My obsession with kilim rugs began along time ago. Scott and I were browsing through an outdoor flea market in Monostoraki , in Athens, Greece. I spotted a bright green hand woven rug with geometric shapes and fell in love. The seller informed me that it was a kilim rug. I wanted to fold this beautiful rug into my suitcase and bring it back to Philly. Unfortunately the rug was too large (and heavy) and needed a good cleaning. Since we were planning on traveling to Paros the next day and we were travelling light I left this thing of beauty behind.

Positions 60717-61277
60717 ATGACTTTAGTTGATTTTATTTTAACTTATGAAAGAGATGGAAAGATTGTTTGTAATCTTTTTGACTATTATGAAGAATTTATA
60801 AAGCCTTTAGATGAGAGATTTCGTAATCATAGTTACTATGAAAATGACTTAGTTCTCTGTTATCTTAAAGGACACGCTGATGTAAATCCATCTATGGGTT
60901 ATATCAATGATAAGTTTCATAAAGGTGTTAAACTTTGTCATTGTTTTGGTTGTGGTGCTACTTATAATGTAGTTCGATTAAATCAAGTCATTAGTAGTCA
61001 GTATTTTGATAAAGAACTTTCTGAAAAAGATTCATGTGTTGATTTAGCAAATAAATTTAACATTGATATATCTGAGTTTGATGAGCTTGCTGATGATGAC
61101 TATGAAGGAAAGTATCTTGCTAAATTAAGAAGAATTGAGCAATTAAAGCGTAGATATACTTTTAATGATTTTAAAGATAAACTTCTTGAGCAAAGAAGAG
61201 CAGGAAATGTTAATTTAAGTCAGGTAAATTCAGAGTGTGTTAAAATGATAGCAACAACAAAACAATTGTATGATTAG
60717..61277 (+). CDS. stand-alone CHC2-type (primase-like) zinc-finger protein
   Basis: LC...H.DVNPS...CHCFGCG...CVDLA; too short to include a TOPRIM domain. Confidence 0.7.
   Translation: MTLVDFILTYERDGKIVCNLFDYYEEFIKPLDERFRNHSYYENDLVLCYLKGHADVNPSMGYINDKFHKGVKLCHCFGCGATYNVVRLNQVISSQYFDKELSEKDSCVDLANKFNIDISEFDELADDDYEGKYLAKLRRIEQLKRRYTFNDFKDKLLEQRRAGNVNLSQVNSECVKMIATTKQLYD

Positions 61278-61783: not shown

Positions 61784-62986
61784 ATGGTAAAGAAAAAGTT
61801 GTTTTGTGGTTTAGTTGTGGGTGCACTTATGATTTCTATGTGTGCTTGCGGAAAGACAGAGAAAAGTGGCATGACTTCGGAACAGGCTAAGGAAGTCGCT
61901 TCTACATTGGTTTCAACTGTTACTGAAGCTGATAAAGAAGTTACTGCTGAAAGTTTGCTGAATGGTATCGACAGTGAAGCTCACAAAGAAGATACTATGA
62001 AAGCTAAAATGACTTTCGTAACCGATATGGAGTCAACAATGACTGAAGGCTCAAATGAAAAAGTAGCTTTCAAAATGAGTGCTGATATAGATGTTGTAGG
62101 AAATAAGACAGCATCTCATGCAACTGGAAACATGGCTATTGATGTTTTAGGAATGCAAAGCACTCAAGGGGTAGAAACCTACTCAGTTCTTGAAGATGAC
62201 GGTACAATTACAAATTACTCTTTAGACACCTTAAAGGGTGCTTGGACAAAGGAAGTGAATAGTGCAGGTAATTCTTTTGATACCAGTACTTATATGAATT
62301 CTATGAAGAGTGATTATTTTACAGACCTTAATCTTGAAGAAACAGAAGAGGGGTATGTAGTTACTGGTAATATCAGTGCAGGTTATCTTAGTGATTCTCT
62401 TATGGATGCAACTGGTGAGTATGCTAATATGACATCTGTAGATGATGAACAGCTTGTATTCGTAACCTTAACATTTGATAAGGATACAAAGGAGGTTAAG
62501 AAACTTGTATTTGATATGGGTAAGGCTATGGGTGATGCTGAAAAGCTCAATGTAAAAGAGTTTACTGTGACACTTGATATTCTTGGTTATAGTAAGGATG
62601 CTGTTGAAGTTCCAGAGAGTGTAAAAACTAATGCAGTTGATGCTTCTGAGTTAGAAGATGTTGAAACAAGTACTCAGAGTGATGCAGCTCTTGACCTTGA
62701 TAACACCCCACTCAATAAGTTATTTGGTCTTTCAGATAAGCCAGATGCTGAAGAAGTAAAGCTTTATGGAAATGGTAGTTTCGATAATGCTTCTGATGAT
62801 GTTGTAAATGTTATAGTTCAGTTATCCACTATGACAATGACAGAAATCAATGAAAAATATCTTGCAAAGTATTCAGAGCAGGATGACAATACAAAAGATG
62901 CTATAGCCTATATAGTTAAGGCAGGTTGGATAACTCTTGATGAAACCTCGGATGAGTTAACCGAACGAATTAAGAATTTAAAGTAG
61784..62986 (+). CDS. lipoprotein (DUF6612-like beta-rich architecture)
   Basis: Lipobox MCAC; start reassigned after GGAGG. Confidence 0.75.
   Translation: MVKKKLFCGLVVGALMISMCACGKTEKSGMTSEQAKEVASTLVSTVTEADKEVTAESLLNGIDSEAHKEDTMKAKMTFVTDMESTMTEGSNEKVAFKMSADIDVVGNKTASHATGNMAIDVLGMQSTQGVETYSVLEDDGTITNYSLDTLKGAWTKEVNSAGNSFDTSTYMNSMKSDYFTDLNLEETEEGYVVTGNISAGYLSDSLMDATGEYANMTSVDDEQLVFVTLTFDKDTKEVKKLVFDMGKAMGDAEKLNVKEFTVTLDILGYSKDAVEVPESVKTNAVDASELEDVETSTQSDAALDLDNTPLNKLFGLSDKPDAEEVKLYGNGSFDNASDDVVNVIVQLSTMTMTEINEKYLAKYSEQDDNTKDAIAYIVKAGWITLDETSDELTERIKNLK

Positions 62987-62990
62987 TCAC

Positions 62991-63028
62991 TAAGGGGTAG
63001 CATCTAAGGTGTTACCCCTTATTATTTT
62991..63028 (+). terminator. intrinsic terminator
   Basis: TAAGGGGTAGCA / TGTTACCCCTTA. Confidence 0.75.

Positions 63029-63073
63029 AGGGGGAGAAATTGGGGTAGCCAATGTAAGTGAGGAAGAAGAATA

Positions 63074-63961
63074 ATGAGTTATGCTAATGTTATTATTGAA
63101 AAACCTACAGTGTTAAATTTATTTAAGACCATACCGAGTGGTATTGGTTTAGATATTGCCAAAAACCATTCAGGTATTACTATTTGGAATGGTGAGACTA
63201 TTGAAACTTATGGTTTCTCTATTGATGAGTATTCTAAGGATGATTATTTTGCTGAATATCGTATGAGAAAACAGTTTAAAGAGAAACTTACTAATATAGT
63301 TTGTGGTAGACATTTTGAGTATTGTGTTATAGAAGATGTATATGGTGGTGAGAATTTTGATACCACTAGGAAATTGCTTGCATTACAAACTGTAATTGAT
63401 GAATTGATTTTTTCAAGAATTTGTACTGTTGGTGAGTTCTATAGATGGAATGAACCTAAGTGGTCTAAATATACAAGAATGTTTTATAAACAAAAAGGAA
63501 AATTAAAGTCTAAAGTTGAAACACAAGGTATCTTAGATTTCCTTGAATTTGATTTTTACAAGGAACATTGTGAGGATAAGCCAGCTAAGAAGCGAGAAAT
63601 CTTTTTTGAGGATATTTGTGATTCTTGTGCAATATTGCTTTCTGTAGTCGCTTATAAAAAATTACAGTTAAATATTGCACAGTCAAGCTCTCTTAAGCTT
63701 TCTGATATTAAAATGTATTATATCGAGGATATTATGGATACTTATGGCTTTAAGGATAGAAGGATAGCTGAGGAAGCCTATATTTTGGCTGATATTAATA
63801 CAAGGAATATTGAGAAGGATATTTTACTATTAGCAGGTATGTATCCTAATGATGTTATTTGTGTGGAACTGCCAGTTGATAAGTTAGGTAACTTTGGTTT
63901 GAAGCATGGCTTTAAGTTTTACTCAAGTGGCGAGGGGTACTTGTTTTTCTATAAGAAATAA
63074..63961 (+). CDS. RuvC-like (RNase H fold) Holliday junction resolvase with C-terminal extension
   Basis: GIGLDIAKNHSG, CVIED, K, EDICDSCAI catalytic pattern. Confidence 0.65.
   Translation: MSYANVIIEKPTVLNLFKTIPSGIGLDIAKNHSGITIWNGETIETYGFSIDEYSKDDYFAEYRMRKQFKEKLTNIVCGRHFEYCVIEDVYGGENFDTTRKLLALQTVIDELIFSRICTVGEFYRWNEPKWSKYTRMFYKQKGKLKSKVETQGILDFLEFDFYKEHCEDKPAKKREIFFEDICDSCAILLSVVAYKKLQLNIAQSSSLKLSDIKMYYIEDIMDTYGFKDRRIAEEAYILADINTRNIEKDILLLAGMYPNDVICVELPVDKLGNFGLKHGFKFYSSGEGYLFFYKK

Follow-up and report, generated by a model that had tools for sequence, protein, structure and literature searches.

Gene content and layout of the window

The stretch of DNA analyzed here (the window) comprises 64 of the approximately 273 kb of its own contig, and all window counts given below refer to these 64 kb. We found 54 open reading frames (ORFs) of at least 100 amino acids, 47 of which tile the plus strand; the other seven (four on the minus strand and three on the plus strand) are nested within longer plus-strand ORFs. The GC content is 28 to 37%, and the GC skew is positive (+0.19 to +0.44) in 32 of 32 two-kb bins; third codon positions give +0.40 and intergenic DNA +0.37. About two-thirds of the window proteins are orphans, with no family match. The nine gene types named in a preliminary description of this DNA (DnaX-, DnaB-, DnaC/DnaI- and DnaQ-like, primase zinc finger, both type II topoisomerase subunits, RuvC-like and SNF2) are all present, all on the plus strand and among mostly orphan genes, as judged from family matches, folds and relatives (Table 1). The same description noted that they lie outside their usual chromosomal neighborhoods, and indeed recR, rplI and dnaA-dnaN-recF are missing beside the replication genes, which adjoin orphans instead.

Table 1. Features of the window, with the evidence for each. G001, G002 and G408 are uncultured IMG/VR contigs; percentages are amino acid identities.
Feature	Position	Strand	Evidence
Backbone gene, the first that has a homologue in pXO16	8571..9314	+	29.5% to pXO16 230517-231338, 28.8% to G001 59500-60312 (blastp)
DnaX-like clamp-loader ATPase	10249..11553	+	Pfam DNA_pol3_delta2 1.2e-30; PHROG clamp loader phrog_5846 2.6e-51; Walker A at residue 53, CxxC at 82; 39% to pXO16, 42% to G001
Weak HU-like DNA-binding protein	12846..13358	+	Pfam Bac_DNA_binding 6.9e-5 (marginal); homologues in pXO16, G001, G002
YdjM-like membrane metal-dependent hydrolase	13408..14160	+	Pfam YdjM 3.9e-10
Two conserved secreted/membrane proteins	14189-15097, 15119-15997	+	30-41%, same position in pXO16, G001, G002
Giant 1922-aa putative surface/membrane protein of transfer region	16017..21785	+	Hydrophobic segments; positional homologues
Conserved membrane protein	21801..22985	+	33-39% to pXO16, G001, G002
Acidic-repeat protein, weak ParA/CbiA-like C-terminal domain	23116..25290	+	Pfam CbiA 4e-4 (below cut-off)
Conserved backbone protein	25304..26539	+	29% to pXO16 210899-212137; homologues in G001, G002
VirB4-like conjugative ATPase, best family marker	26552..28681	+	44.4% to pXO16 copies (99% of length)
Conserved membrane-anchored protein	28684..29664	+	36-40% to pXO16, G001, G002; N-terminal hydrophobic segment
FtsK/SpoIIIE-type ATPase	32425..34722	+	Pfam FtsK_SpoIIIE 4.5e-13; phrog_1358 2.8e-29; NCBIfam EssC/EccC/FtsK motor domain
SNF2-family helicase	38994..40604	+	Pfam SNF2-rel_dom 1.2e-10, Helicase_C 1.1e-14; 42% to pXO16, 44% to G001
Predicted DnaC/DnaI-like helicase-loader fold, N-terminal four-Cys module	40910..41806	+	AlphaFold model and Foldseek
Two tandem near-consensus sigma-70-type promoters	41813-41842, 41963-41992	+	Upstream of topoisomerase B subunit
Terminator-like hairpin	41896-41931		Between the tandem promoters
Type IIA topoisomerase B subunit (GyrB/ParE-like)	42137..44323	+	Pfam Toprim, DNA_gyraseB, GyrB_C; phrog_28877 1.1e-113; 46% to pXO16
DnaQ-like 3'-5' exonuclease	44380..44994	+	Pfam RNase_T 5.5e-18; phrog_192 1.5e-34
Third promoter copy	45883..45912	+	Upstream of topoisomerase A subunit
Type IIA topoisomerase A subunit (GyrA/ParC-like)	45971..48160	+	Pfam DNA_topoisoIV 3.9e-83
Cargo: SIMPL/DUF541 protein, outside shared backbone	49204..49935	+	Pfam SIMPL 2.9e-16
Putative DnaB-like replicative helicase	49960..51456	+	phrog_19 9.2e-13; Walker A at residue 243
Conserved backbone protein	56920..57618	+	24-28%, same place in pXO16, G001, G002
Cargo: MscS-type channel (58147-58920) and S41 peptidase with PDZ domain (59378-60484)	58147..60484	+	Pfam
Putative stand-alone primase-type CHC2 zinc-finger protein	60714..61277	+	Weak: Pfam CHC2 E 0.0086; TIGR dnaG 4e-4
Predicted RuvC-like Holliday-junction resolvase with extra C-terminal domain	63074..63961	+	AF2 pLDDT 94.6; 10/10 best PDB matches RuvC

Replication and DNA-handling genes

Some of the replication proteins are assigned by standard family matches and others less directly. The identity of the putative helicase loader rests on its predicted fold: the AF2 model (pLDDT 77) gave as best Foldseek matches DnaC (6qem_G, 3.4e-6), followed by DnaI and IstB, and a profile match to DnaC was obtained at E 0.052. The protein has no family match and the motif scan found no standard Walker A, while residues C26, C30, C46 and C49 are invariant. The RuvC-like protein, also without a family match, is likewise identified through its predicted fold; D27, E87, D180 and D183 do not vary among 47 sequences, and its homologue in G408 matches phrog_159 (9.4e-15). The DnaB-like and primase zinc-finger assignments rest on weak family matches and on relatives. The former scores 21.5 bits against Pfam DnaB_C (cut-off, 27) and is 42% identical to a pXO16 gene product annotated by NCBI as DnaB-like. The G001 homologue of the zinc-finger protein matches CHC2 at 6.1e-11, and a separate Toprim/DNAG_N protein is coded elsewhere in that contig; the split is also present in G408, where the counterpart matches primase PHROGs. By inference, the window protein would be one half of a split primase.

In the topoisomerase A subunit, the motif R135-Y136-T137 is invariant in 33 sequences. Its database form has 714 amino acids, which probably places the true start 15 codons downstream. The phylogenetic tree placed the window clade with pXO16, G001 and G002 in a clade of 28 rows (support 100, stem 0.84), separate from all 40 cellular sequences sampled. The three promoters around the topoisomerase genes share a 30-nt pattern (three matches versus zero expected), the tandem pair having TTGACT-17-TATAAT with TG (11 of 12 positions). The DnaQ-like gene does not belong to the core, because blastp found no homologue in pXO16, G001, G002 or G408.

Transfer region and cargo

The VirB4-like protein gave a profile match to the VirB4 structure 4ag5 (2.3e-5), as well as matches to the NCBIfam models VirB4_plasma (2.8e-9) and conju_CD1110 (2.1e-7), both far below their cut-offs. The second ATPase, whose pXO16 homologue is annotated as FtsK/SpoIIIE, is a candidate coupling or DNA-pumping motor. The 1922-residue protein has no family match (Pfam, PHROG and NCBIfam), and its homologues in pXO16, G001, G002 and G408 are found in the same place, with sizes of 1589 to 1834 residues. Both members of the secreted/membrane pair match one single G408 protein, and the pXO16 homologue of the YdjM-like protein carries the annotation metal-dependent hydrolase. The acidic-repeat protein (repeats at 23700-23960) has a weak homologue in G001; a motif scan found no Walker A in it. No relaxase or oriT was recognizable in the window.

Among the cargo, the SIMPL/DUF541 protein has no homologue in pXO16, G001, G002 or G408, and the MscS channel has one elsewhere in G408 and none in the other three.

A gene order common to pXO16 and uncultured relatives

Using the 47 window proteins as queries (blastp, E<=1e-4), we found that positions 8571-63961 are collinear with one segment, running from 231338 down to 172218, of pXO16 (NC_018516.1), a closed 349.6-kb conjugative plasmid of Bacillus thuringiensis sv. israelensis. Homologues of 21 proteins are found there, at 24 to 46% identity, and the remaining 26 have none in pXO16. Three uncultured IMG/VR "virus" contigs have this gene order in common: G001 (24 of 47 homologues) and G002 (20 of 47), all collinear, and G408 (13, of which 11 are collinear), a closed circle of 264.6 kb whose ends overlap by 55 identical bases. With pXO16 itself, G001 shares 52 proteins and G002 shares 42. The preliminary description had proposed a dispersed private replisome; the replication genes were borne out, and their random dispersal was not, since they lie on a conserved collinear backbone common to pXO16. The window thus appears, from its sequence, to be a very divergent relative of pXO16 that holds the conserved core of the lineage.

After this first encounter I would search through many rug stores, flea markets and online sources for something similar but I could never find anything as beautiful or as affordable. Then one day while I was scouring through vintage rugs on eBay I found a seller in Turkey selling the most beautiful and affordable new and vintage Anatolian kilims. In my excitement I bought several rugs as they were inexpensive and I could combine the cost of shipping. I am not generally an impulsive shopper. I painstakingly measure, re-measure and mull over future purchases before committing. This time was the exception. Without any forethought I purchased the rugs. I patiently waited several weeks for my heavy parcel of rugs to arrive. The day they arrived the mail person had to carry the parcel into the house because it was that heavy. Kiran and I madly ripped open the package. Under the plastic and brown paper wrapping there were four stunningly beautiful kilims perfectly folded. The colors were breathtaking and the designs magnificent. Over the next few years I moved the rugs around the house unsure of where they should go. Eventually the vintage faded kilim in muted colors went into the back room.